Rebecca Smart is the CEO of Osprey Group, which began as a military specialist publisher but is rapidly expanding into other verticals. They bought the fledgling sci-fi imprint Angry Robot from HarperCollins. Smart remarked at the time that military buffs love science fiction. They also own two businesses publishing for the UK heritage market, Shire and Old House. Recently they acquired the UK publisher Duncan Baird, which owns a substantial and long-standing religion imprint called Watkins as well as a list with many mind body spirit books and titles in food and health. That gives Osprey at least two more vertical areas to work in and a start on some others. In her talk, Smart will describe Ospreys vertical strategy and discuss how what Osprey has learned and developed for its original market of military buffs benefits them in other areas far afield from where they started.
Publishing Innovators: Perseus Books Group - See on schedule
Monday at 2:10pm
Rick Joyce is the Chief Marketing Officer of the Perseus Books Group, which includes responsibility for several owned publishers (including Running Press and Basic Books) and over 350 publishers distributed through one of the company's three separate distribution arms and Constellation, their digital distribution operation. For the past couple of years, Perseus has been experimenting with a range of "social listening" platforms: software that captures disparate web conversations across web sites, Twitter and Facebook streams, and blog comments. But Perseus has used these tools in a different way. Rather than trying to track what has happened in the past, they are using the tools to target the places they should be actively marketing a book in the future. They are building profiles of topics, understanding how and where audiences engage even down to the nomenclature that they use. They find the right sites and the "power words" that can produce interest in a book in places where they can already see the prospective audience is gathering. This innovative thinking will open a lot of minds when Joyce explains it in his presentation.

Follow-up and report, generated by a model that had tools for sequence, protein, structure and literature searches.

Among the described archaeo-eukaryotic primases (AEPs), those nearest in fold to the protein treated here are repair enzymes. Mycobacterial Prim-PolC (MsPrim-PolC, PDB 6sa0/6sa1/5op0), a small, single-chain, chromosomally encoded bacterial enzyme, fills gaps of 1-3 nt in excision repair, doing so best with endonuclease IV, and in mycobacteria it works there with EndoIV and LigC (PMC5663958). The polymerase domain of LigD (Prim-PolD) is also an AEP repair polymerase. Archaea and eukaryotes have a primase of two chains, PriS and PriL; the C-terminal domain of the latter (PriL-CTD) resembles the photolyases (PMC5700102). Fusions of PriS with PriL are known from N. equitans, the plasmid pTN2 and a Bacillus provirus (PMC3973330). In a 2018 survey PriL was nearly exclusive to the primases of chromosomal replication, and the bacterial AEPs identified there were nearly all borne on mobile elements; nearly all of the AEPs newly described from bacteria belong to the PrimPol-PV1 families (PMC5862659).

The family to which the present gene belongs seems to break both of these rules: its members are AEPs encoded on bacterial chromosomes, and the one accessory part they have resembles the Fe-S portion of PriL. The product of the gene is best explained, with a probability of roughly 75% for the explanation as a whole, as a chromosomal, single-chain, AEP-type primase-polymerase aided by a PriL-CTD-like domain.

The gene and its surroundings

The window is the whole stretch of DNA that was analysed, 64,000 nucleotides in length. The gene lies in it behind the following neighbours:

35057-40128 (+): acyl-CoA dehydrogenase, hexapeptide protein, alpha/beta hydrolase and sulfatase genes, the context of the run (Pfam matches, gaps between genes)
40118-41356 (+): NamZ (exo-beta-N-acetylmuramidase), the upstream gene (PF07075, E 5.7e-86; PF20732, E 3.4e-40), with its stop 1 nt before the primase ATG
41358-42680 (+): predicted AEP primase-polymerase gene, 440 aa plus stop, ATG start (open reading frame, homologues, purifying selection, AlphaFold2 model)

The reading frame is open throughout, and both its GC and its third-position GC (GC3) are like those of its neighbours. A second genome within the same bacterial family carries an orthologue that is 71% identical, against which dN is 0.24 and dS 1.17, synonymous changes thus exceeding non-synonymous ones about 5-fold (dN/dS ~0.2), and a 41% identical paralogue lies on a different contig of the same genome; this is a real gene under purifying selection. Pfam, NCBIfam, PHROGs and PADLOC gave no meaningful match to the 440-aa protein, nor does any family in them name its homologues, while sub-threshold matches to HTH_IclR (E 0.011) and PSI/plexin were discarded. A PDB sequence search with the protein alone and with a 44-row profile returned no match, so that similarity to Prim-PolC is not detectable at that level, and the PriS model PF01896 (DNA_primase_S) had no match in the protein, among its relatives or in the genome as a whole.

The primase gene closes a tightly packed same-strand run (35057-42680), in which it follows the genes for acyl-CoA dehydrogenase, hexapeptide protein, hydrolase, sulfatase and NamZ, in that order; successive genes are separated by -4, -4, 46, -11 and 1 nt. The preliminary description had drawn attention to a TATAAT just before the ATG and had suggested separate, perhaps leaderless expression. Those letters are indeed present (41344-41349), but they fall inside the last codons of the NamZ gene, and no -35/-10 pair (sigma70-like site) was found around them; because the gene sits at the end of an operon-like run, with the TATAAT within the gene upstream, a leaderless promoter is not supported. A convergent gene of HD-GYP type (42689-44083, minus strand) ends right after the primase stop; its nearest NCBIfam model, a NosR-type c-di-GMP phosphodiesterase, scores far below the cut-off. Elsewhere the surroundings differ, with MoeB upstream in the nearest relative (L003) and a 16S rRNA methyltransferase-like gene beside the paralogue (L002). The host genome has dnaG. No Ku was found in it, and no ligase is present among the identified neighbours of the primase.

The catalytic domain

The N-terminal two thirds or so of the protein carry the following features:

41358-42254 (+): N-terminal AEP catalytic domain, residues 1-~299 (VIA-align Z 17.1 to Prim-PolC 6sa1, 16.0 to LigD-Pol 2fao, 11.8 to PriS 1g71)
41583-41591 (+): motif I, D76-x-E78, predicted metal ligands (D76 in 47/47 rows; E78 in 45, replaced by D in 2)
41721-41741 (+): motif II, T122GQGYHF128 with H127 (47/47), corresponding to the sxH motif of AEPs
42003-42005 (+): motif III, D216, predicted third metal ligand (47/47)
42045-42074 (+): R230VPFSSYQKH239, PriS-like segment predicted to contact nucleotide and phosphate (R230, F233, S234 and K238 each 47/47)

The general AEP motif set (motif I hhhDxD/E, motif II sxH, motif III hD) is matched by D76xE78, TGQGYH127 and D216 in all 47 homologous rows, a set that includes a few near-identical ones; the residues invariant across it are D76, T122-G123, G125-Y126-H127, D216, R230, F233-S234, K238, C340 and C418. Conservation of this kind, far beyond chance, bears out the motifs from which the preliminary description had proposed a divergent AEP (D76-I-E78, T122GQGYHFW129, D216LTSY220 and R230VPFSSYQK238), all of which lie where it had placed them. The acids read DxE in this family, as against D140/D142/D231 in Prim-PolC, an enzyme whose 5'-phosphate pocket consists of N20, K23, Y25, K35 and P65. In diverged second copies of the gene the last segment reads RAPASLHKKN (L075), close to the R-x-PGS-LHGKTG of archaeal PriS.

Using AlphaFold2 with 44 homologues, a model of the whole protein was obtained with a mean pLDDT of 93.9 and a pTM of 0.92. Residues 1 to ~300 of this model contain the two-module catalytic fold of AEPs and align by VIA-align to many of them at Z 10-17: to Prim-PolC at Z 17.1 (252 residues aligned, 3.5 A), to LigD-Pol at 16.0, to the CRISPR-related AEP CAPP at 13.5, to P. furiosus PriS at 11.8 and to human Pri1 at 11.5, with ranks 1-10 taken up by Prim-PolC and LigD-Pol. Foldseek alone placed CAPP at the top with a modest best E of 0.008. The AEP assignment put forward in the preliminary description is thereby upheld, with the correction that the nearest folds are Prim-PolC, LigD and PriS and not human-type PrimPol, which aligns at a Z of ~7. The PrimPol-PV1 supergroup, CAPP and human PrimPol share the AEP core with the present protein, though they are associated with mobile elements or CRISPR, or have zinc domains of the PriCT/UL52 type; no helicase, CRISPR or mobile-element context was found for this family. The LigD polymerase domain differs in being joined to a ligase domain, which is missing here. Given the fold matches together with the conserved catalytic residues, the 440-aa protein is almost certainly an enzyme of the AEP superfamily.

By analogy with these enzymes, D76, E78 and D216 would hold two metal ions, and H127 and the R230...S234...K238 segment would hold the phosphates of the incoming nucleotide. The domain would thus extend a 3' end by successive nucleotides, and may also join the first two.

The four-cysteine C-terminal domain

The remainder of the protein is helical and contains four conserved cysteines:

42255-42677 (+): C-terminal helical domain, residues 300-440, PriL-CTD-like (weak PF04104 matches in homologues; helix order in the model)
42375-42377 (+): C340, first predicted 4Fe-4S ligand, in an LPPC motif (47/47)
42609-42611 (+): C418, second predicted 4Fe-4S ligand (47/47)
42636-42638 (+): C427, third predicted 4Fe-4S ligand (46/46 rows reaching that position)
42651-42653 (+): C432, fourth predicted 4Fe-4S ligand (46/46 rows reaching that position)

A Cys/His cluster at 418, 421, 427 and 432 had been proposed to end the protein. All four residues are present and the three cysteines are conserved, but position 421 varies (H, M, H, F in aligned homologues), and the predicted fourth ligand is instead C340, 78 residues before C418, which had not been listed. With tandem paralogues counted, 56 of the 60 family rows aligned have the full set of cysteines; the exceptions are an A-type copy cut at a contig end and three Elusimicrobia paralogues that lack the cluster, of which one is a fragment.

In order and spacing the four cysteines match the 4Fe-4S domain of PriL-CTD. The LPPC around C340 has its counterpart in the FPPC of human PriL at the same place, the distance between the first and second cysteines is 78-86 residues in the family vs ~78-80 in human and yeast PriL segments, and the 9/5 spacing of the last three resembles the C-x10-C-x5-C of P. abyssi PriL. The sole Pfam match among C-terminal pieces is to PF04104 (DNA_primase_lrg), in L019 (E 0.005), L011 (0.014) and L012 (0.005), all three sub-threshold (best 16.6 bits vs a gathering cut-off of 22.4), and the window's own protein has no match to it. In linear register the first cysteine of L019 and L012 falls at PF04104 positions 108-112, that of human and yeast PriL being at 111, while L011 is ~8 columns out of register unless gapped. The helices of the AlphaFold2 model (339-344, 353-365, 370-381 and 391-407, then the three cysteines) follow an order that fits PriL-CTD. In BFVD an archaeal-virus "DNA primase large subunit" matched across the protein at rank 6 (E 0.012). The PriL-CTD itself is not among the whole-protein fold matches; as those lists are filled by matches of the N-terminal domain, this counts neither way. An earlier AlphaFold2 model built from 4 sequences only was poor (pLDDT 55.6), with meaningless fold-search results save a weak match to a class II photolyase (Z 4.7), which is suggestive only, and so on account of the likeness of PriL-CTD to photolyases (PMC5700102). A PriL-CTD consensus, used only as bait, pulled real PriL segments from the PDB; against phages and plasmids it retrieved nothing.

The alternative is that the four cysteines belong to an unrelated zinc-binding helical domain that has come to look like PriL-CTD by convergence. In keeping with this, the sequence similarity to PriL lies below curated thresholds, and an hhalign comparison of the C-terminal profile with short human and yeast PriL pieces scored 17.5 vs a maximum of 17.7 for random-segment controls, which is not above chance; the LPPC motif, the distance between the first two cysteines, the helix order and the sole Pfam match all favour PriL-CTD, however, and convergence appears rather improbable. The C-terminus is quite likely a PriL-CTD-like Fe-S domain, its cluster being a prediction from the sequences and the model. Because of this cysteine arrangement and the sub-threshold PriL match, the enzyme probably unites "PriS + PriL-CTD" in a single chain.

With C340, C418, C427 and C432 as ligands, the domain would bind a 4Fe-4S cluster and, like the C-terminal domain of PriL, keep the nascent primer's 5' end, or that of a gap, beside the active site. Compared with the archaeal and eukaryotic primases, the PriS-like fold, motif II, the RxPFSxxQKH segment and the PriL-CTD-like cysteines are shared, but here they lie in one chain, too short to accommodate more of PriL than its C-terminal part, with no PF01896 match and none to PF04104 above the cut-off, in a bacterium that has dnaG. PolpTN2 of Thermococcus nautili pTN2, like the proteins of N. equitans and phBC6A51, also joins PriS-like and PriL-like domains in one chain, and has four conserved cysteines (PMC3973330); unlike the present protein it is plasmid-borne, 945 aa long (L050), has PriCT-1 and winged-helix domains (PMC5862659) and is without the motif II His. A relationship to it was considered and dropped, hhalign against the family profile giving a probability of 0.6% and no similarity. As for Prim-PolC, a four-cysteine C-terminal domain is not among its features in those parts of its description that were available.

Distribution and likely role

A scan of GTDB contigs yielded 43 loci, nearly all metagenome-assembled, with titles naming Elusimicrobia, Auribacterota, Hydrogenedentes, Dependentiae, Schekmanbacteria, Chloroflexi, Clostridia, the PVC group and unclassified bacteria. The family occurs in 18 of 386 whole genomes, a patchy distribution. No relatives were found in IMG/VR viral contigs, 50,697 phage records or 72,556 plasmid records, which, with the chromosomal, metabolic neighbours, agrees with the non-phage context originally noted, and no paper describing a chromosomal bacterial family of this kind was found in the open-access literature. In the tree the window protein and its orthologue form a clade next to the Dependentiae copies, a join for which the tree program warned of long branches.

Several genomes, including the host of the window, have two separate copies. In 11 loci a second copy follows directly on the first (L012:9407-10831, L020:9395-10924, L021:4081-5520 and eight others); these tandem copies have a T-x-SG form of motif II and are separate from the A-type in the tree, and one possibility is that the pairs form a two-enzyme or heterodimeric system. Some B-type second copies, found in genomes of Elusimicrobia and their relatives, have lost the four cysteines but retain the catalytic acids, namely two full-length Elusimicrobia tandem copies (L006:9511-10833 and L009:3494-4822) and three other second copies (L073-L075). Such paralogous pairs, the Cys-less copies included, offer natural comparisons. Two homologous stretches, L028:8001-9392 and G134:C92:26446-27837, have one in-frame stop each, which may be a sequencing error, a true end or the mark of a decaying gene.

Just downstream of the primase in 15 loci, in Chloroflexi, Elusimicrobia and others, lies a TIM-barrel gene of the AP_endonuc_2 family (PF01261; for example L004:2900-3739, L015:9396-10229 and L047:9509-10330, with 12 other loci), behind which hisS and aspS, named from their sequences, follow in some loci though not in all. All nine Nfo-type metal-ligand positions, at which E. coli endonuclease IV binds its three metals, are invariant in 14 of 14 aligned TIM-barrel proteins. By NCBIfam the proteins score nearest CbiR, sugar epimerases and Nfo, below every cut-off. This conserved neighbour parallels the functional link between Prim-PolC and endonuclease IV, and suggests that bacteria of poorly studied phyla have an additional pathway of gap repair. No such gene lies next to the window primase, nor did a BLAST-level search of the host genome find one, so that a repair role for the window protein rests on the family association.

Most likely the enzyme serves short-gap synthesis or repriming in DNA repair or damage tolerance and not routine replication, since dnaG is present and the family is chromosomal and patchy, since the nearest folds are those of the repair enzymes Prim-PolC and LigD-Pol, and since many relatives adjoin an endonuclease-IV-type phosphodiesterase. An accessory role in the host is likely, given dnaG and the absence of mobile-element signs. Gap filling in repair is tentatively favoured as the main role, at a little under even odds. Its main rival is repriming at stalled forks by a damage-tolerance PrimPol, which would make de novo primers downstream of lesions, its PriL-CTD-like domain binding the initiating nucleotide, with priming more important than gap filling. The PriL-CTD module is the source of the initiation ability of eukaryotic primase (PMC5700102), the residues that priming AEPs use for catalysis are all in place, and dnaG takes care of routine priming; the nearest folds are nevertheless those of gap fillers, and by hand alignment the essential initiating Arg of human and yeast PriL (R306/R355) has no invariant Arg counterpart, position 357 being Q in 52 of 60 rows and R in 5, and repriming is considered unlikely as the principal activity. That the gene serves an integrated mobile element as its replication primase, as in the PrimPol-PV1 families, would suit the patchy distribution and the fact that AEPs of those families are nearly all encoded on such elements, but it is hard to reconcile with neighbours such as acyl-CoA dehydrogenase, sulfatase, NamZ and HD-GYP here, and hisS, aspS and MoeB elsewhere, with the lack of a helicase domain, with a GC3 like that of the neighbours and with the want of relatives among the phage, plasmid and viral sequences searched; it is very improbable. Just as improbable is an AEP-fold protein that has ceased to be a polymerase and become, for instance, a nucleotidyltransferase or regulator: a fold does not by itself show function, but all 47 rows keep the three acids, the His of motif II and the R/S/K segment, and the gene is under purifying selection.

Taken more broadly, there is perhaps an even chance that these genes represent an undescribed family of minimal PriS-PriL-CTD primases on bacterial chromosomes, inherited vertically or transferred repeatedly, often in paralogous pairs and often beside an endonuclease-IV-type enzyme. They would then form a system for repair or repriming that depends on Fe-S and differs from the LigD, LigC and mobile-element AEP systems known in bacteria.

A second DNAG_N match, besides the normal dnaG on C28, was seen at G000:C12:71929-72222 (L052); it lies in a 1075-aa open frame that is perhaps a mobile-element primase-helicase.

Investing in the Publishing Industry - See on schedule
Monday at 2:30pm
Brian Napack was president of Macmillan US for five years, overseeing publishing businesses in education, trade publishing, digital media, and magazines, and playing a leading role in the company's transformation from print to digital. Now he has joined one of the leading private equity investors in media and he is viewing publishing from a completely different perch. In his talk at Publishers Launch Frankfurt, Brian will talk about how publishing looks to investors in this time of digital turmoil. Hell describe the challenges and opportunities he sees for the industry as it strives to retain its role in the changing media landscape. Finally, he'll discuss the the markers that investors might be looking for as they consider investments in publishing.
Digital Change in Publishing in the BRIC Countries: Brazil, Russia, India, and China - See on schedule
Monday at 2:50pm
The BRIC countries are closely watched by economists because they are the emerging global economic powers. They're begin watched by the publishing world because they are very large economies that are about to open up as digital book markets. India is of particular interest to the English-speaking publishers because it is part of their natural marketplace. But all of these countries presented serious logistical challenges for print book sales and distribution and it is reasonable to anticipate much more profitable markets there for all publishers in a digital environment. This panel will report on the stage of digital change in each of these countries, the prospects for the near future, and what publishers from around the world should anticipate as the market opportunities for them.
Planting Flags in New Territories for eBooks: Lessons Learned - See on schedule
Monday at 3:25pm
The Canadian-grown and now Japanese-owned ebookseller Kobo has ebook operations and retail partnerships in the US, Canada, Germany, UK, France, Holland, and Japan, with launches planned soon for Italy and Brazil. Tamblyn is overseeing these initiatives worldwide and is in a position to see how these different marketplaces are developing. He'll provide insights about the unique conditions and concerns across territories and highlight what publishers need to do as they prepare to sell their content in new markets.
AFTERNOON BREAK - See on schedule
Monday at 3:45pm
Refreshments will be provided.
Spanish-Language Digital Development - See on schedule
Monday at 4:15pm
Spanish, like English, is spoken and read by millions of native speakers in many countries spread across different continents. It is the second most studied and the third most spoken language on the planet (Mandarin and English being the only ones larger). However, the Spanish-language and English-language markets are very different, and the digital disruption seems to have accentuated those differences.